Dom Bury runs workshops and initiations on planetary emergency/emergence. He received an Eric Gregory Award in 2016 and won the 2017 National Poetry Competition with his poem ‘The Opened Field’. Rite of Passage is his first collection.
Chaucer Cameron is the author of In an Ideal World I’d Not Be Murdered, which was published by (Against the Grain Press, 2021). She has co-edited two poetry anthologies and her poetry has appeared in journals, magazines & zines, including, Under the Radar, Poetry Salzburg, and The North. Chaucer created the international poetry film project Wild Whispers, and has presented poetry film at festivals, including Sheaf Poetry Festival, Zebra Poetry Film Festival in Berlin, Athens Poetry Film Festival and Reel Poetry in Texas. She co-edits the online magazine Poetry Film Live.
Louisa Campbell’s poetry draws on her experiences as both mental health nurse and patient. Her poems have won and been placed in numerous competitions, as well as published in a variety of literary magazines including Acumen, The North, and Stand. She has two published pamphlets: The Happy Bus (Picaroon Poetry, 2017), and The Ward (Paper Swans Press, 2018). Selected for the Poetry Book Society Summer Bulletin reviews, her first full collection, Beautiful Nowhere, was published in May 2021 by Boatwhistle Books. She lives in Kent, England, with her husband, teenager and rescued Romanian street dog.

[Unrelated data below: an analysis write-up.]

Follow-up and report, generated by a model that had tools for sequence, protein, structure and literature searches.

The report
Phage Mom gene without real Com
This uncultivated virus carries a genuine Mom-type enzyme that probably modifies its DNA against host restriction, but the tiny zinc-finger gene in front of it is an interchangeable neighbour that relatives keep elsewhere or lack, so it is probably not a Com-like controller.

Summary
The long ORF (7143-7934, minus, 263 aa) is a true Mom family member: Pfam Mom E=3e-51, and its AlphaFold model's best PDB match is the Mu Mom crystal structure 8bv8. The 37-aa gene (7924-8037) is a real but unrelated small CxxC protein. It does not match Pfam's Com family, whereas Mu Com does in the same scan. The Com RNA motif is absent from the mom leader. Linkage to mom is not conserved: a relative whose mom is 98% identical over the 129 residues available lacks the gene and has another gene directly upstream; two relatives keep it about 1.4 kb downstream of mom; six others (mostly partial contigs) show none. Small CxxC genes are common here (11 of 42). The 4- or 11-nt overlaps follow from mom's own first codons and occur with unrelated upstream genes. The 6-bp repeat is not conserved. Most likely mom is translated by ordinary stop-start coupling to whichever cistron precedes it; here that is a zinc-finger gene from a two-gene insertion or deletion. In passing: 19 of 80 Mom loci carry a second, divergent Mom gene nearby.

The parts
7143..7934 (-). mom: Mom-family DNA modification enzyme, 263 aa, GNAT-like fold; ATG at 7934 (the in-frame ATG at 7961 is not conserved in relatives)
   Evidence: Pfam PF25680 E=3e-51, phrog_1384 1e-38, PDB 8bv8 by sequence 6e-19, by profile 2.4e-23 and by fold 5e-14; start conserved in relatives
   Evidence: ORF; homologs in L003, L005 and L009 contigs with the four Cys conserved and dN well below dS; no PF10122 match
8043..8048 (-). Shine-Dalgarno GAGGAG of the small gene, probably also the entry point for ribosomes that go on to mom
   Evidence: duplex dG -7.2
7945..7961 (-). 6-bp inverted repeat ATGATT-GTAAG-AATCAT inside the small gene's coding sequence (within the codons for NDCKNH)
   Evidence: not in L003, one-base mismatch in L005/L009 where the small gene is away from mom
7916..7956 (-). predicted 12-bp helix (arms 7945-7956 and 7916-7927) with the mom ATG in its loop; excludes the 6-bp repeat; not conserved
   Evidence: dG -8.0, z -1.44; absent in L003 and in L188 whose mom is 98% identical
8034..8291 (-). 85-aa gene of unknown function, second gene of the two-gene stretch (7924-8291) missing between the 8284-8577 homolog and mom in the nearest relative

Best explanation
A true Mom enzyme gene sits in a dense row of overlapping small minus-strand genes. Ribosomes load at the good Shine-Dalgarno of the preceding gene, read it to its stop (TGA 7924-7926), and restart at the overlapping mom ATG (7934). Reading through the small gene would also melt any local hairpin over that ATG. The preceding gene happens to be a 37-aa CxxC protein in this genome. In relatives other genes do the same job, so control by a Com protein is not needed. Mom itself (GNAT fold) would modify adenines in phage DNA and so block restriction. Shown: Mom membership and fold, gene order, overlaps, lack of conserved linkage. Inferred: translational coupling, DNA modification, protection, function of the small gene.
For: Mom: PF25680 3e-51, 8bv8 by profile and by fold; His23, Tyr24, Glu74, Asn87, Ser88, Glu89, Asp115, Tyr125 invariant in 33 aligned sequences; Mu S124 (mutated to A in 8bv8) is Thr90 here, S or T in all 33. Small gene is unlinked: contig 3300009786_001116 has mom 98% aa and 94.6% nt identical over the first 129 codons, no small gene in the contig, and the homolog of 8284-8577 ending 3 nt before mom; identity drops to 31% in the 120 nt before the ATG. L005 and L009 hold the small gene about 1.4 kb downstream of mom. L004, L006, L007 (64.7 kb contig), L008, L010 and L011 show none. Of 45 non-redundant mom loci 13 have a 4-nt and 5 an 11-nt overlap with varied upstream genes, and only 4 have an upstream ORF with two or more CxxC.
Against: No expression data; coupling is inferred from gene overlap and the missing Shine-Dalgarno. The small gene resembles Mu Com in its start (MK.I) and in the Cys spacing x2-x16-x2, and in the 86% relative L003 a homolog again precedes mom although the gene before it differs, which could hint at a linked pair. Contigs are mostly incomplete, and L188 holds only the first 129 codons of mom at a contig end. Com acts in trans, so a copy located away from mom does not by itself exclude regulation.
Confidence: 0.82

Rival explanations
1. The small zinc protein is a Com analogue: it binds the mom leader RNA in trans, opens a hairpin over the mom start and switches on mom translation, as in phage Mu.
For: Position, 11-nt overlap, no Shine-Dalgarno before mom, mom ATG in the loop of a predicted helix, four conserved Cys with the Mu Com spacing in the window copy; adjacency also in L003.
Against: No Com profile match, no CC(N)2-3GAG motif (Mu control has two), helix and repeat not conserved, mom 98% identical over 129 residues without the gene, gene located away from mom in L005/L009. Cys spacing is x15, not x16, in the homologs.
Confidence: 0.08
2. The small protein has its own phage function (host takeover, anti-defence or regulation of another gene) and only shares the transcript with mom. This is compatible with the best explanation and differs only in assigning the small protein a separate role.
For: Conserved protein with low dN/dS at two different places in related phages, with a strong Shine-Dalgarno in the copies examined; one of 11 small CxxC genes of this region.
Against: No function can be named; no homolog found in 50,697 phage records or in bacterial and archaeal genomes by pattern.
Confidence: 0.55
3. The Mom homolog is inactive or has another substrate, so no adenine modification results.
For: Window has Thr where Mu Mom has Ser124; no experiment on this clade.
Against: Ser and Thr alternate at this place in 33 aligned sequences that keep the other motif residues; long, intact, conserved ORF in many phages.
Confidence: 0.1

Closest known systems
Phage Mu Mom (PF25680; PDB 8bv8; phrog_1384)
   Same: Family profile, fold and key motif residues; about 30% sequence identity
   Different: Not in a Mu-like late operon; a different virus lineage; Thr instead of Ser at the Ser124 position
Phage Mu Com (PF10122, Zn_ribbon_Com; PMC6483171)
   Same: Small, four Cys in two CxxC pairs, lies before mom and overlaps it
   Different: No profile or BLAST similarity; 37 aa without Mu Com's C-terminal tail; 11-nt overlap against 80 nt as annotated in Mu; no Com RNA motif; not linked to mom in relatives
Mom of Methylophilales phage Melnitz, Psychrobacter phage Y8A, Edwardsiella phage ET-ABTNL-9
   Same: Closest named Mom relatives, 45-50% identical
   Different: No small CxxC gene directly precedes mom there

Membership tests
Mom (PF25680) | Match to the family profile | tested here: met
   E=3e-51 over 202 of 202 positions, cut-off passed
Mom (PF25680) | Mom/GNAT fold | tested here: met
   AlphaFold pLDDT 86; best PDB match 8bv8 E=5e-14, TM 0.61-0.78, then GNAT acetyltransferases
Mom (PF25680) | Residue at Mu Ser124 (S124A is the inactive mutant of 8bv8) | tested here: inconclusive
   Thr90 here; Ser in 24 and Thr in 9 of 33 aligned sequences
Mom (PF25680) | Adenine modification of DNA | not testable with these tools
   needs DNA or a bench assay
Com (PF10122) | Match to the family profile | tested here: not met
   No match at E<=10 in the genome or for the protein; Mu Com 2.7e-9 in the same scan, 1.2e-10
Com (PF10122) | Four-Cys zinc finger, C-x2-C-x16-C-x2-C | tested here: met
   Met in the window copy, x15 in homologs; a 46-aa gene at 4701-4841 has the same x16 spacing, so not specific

After reading history at university, Wendy Cope worked as a primary school teacher in London for 15 years. Since the publication of her first book of poems, Making Cocoa for Kingsley Amis, she has been freelance. Her most recent collection is Anecdotal Evidence 2018. She has also written for children and edited several anthologies. A collection of her prose pieces, Life, Love and The Archers appeared in 2015. Her work has won awards on both sides of the Atlantic. In 2010 she was appointed OBE for services to literature.
Alexandra Corrin-Tachibana holds an MA in Japanese Language and Society, from Sheffield University and an MA in Writing Poetry, from Newcastle University. In 2020, she came third in the Oxford Brookes International Poetry Competition.
Jo Morris Dixon
Jo Morris Dixon grew up in Birmingham and now lives in London. Her poetry has been published in Oxford Poetry, The Poetry Review, Poetry Wales, Ambit Magazine and The Signal House Edition. She was longlisted for the 2015 Plough Poetry Prize and the 2019 and 2020 National Poetry Competition. I told you everything is her debut pamphlet, published by Verve Poetry Press (2021).
Sarah Doyle is the Pre-Raphaelite Society’s Poet-in-Residence. She is widely placed and published, winning the Wolverhampton Literature Festival (WoLF) poetry competition and Holland Park Press’s Brexit in Poetry 2019, and being runner-up in the Keats-Shelley Poetry Prize 2019 and the Keats-Shelley Essay Prize 2020. She was highly commended in the Forward Prizes 2018 and is published in The Forward Book of Poetry 2019. Sarah holds an MA in Creative Writing from UL Royal Holloway, and is currently researching a PhD in meteorological poetry at Birmingham City University. A pamphlet of collage poems – Something so wild and new in this feeling – inspired by Dorothy Wordsworth’s journals was published by V. Press in March 2021.